Saturday, March 29, 2014

Kenya: Kenyatta Worries That He Could be Unseated in March 2014 Re-Election Bid

According to, Kenya’s vital tourism sector is “on its knees” after attacks by al-Qaeda-linked militants carried out in retaliation for the country's intervention in neighboring Somalia, President Uhuru Kenyatta said on Friday (March 28).

Kenyatta met with ethnic Somali leaders and asked for their help in identifying people they thought may be behind attacks that have dented the president’s plans to boost the tourism sector in east Africa’s biggest economy.

Kenya has large Somali communities in parts of the country near the frontier with Somalia and in Eastleigh, a part of the capital Nairobi known as “Little Mogadishu” for its large Somali population.

“We all have a responsibility to bring this to an end. Tourism has been greatly affected by these terror activities. The industry which contributes 10% to the gdp is virtually on its knees,” Kenyatta said.

Tourist arrivals in Kenya in the first five months of 2013 declined by 15% compared to the the previous year as visitors avoided the country, worried by attacks blamed on Somalia’s al- Shabaab and by fears of trouble around the elections in March 2014.

COMMENT: Tourism statistics for 2013 have not as yet been released, but they are expected to not be encouraging.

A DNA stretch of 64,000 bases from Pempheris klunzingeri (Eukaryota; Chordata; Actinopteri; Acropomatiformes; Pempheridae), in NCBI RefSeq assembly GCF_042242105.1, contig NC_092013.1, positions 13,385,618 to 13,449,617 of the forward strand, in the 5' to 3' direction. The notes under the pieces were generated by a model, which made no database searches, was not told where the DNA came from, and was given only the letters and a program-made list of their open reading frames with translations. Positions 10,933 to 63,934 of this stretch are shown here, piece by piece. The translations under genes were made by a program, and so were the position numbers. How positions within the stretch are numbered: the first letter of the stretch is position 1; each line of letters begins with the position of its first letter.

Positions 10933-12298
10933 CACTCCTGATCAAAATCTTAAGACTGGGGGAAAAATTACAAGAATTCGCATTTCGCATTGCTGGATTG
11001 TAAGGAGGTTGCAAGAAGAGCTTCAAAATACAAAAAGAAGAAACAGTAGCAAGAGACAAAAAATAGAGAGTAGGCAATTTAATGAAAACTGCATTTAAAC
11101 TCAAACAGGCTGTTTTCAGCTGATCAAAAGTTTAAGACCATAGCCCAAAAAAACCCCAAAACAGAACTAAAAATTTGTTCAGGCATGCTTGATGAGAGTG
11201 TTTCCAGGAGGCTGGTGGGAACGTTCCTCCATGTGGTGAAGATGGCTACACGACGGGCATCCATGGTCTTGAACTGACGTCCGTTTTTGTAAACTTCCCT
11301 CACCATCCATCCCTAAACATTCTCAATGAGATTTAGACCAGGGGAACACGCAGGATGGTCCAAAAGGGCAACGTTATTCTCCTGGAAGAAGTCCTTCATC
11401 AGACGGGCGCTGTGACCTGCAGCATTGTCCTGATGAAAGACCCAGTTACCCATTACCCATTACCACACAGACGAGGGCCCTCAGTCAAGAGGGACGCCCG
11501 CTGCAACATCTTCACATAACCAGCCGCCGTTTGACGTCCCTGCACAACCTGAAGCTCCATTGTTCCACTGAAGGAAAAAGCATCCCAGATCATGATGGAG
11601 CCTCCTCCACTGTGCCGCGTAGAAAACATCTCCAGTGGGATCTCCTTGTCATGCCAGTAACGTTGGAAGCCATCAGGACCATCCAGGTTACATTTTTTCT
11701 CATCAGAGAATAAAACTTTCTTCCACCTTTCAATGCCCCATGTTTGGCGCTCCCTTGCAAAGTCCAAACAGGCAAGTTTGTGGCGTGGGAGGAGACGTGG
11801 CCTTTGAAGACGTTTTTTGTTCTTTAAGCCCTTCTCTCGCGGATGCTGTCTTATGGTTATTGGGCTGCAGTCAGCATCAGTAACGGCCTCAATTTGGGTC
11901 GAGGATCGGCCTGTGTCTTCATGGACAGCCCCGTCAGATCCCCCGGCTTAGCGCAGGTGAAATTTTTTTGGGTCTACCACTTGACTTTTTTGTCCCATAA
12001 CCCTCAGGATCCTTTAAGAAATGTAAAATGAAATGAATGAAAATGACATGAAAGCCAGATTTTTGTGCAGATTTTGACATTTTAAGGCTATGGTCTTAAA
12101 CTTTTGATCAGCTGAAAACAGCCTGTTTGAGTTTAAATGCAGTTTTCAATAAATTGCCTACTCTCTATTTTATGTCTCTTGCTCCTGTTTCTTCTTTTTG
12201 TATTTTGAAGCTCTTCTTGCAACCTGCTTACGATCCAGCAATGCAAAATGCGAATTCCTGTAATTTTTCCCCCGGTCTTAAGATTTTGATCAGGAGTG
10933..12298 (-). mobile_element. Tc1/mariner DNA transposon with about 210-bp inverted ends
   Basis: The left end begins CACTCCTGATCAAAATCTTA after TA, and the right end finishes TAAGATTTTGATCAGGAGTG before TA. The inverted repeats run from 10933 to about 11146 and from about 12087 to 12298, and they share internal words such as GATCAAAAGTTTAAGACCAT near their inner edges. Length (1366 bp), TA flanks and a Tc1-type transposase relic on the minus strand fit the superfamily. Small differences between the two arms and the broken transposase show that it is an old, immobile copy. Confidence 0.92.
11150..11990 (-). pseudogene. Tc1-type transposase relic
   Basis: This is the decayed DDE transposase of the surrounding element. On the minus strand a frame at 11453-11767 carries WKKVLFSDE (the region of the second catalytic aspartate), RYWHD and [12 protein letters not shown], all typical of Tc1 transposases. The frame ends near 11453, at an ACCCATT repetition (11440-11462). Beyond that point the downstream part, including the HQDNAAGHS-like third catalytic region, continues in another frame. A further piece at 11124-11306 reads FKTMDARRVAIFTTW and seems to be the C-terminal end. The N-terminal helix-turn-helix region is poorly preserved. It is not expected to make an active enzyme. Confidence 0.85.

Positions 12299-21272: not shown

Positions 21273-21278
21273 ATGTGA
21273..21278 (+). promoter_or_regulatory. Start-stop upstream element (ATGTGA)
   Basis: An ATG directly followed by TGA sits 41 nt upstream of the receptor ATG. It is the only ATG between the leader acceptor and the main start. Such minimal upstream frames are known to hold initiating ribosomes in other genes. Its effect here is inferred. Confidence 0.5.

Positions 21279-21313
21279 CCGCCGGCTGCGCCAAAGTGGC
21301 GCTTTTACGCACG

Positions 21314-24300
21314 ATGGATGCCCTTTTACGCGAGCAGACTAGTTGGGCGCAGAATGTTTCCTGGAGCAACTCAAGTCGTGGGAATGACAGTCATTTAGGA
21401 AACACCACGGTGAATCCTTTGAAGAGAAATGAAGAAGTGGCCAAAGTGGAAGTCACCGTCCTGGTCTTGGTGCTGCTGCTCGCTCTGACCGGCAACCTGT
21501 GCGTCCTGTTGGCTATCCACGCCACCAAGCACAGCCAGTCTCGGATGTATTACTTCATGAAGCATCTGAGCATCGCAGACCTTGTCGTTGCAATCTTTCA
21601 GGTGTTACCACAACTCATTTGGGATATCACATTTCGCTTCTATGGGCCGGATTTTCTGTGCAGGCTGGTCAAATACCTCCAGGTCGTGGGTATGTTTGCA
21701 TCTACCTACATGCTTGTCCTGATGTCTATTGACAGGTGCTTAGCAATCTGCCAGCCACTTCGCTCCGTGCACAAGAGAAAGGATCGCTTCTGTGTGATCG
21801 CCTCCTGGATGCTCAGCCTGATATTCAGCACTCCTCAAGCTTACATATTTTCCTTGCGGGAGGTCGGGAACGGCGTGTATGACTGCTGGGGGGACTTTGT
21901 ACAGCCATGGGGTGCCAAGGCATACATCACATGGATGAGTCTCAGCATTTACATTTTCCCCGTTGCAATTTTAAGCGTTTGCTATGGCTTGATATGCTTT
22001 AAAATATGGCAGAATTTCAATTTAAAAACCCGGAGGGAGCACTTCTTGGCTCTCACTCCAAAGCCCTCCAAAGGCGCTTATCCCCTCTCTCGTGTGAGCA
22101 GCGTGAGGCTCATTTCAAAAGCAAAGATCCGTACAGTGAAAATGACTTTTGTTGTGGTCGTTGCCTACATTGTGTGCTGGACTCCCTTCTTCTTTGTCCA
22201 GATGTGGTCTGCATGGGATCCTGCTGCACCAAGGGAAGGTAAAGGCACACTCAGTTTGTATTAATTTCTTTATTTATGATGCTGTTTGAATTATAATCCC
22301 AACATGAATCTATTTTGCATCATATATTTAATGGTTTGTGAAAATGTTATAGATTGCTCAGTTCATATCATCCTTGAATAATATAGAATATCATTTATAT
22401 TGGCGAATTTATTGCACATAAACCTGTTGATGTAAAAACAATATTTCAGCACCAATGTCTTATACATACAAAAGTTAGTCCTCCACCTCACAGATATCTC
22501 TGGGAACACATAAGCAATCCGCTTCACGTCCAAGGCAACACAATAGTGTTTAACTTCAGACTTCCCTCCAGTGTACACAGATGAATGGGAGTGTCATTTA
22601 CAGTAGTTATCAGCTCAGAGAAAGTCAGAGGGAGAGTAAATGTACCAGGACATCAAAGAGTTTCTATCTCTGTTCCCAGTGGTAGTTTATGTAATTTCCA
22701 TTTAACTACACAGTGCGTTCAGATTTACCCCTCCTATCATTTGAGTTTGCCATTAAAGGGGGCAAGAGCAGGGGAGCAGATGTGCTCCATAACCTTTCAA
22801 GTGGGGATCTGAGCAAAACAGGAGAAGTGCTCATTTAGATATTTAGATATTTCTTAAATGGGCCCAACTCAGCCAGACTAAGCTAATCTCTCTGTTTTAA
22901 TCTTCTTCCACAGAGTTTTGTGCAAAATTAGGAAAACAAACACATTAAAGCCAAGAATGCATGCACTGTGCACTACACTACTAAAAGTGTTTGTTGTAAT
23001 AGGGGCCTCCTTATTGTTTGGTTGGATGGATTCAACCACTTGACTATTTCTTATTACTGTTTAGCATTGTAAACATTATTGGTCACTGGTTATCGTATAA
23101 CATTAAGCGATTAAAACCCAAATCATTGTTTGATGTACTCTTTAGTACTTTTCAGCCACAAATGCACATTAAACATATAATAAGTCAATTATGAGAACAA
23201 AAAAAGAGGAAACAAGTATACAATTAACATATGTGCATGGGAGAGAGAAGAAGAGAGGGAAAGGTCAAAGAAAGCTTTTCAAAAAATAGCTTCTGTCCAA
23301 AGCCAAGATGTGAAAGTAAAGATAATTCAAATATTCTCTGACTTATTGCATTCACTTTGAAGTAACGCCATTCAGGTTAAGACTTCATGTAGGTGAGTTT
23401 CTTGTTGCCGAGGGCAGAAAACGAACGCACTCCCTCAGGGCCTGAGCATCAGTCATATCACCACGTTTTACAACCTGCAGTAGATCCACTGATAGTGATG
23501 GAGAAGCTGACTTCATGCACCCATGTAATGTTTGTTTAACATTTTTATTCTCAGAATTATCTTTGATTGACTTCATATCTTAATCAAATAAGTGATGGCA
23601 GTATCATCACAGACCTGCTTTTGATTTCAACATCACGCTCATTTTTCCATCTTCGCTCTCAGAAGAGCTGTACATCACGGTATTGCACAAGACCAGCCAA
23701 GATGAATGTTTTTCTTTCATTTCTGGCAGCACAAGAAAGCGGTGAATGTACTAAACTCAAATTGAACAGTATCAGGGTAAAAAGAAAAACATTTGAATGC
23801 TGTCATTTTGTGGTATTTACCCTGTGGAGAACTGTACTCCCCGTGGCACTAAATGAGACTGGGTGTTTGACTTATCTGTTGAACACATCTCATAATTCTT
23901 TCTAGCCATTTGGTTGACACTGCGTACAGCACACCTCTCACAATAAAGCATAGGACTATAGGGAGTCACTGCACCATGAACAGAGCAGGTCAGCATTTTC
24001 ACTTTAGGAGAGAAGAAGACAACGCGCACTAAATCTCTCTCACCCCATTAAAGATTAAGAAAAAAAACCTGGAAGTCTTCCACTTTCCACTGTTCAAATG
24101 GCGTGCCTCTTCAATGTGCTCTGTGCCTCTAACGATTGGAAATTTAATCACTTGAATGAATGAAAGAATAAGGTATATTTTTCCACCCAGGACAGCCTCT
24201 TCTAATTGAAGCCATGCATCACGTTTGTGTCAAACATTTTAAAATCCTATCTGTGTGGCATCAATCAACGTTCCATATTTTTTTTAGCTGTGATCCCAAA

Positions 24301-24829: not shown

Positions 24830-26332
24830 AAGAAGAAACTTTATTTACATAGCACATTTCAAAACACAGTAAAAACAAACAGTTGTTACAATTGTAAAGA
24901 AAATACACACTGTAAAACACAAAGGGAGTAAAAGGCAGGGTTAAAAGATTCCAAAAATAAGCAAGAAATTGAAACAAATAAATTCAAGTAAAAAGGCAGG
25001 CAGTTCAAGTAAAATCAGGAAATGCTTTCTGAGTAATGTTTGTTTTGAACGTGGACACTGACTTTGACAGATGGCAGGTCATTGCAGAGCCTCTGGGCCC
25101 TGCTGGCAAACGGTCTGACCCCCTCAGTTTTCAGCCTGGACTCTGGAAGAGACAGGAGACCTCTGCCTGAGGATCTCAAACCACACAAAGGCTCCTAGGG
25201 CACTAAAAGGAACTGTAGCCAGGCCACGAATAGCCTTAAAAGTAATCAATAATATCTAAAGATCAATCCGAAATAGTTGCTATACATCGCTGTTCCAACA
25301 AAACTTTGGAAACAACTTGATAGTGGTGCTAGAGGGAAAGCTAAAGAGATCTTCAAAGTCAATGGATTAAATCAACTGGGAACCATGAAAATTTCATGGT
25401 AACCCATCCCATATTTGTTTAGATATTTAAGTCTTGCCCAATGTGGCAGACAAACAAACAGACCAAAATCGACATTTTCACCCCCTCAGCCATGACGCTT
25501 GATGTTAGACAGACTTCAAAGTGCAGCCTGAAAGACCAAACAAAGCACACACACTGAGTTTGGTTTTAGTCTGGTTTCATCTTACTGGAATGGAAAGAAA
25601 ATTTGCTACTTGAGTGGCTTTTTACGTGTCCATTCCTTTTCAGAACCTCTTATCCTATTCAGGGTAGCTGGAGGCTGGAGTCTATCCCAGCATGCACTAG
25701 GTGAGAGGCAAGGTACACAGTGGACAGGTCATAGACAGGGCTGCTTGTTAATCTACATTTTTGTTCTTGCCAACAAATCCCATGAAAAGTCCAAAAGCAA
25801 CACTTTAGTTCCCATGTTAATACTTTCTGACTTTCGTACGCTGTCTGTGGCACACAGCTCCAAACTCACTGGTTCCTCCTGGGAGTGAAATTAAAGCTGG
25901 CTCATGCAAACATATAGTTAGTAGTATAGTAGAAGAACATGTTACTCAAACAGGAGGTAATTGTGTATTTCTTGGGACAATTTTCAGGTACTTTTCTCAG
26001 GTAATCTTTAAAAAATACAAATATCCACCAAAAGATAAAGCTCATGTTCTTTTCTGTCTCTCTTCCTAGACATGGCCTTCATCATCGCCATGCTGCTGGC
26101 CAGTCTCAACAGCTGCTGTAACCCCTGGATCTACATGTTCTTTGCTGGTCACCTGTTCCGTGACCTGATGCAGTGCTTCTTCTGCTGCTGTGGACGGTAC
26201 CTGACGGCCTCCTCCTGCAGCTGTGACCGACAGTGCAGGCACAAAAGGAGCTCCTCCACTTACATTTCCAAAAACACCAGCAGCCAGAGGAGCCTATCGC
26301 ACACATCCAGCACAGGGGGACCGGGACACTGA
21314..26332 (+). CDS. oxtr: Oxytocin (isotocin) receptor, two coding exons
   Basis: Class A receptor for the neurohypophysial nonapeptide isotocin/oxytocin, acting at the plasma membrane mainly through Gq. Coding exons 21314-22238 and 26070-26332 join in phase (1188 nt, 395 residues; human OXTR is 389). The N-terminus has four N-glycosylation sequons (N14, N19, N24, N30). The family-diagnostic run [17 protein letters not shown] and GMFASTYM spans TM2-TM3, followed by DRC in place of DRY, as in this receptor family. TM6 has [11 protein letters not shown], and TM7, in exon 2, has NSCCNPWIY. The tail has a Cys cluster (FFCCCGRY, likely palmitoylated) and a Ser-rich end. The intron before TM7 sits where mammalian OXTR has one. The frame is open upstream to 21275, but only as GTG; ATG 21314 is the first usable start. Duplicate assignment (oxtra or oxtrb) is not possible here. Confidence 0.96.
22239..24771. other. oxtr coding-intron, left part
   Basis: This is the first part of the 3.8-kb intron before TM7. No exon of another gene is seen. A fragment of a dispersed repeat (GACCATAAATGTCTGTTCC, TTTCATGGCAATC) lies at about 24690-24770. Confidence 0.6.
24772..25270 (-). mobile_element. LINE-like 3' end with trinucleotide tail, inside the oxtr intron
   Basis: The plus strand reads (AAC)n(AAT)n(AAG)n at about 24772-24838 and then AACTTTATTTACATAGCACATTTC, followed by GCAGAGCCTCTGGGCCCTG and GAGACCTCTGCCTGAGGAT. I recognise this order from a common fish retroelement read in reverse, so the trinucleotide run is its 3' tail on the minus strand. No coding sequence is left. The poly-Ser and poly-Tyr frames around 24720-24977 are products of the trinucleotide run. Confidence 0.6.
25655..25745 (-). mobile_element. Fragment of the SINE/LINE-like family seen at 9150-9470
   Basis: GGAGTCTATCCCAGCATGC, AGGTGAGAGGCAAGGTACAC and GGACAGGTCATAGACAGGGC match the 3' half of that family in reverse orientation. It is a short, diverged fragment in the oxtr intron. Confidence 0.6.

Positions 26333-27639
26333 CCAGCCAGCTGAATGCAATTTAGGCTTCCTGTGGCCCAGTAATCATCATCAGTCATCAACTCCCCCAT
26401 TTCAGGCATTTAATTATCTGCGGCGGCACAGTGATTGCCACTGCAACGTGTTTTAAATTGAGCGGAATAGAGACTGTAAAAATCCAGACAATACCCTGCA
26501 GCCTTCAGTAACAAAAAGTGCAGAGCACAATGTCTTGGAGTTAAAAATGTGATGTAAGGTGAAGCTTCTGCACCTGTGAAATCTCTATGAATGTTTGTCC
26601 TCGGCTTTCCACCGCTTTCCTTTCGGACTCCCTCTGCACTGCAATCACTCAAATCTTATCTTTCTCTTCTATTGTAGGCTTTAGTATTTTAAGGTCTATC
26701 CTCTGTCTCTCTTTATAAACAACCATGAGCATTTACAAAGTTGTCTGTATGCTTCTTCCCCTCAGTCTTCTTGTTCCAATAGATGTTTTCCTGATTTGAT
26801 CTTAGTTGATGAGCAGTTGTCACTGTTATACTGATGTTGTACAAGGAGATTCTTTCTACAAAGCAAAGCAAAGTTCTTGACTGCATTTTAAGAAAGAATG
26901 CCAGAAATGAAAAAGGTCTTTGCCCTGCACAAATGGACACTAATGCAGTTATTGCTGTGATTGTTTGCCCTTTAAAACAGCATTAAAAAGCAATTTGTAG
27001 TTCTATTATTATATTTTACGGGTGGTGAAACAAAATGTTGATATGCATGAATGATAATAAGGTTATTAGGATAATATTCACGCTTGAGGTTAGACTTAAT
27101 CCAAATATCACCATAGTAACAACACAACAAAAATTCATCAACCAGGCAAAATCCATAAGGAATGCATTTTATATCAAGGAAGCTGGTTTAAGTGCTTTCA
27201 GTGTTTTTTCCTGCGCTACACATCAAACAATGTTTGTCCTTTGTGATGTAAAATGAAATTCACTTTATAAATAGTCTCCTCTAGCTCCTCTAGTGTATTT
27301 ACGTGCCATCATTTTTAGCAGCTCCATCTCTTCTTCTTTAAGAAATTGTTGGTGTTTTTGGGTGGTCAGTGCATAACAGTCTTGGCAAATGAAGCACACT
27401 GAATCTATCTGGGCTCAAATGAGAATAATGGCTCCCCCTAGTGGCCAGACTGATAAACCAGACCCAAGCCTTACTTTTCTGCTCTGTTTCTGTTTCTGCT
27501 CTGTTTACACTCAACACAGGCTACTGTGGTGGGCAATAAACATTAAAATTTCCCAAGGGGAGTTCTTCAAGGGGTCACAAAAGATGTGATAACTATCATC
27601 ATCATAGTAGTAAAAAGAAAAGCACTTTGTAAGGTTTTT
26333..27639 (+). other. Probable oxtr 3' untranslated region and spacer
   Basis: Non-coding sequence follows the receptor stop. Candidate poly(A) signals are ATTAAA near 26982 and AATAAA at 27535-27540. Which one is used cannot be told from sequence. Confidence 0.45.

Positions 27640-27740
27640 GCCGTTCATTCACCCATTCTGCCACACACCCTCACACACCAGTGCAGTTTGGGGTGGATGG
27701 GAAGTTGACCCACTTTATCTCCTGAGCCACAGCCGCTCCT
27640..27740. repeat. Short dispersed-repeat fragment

The tourism sector employs 150,000 people in a country desperate for jobs. Underemployment in Kenya is estimated to approach 40%.

Kenyatta’s own family owns the Heritage Group of hotels that range from a beach resort in Mombasa to an Indian Ocean island hideaway in Lamu, and others in the Maasai Mara National Reserve in the great Rift Valley.

President Kenyatta ordered police to stop taking bribes from suspects arrested on suspicion of being linked to attacks. He said action would be taken against “the fools who take bribes and allow criminals to commit crimes.”

On Tuesday, Kenya ordered all Somali refugees living in towns to return to their camps in a bid to end the attacks.

In the latest incident, gunmen killed six worshippers in a church near the port city of Mombasa, the heart of the country’s coastal strip and a tourist magnet. Police said they shot dead two suspects in that attack on Friday, but a third escaped with gunshot wounds.

Last week, police arrested two men found with two large IEDs in a car that they intended to use in Mombasa.

In the worst attack so far by al-Shabaab, which wants Kenyan troops out of Somalia, at least 67 people including one of Kenyatta’s nephews were killed at the Westgate shopping mall in Nairobi in September 2013.

Appeasing terrorists for economic concessions has never worked in the past and is unlikely to be effective in the future.

In the end, President Kenyatta is far more worried in hanging on to power in Nairobi at a time when it is entirely possible that he potentially could be unseated.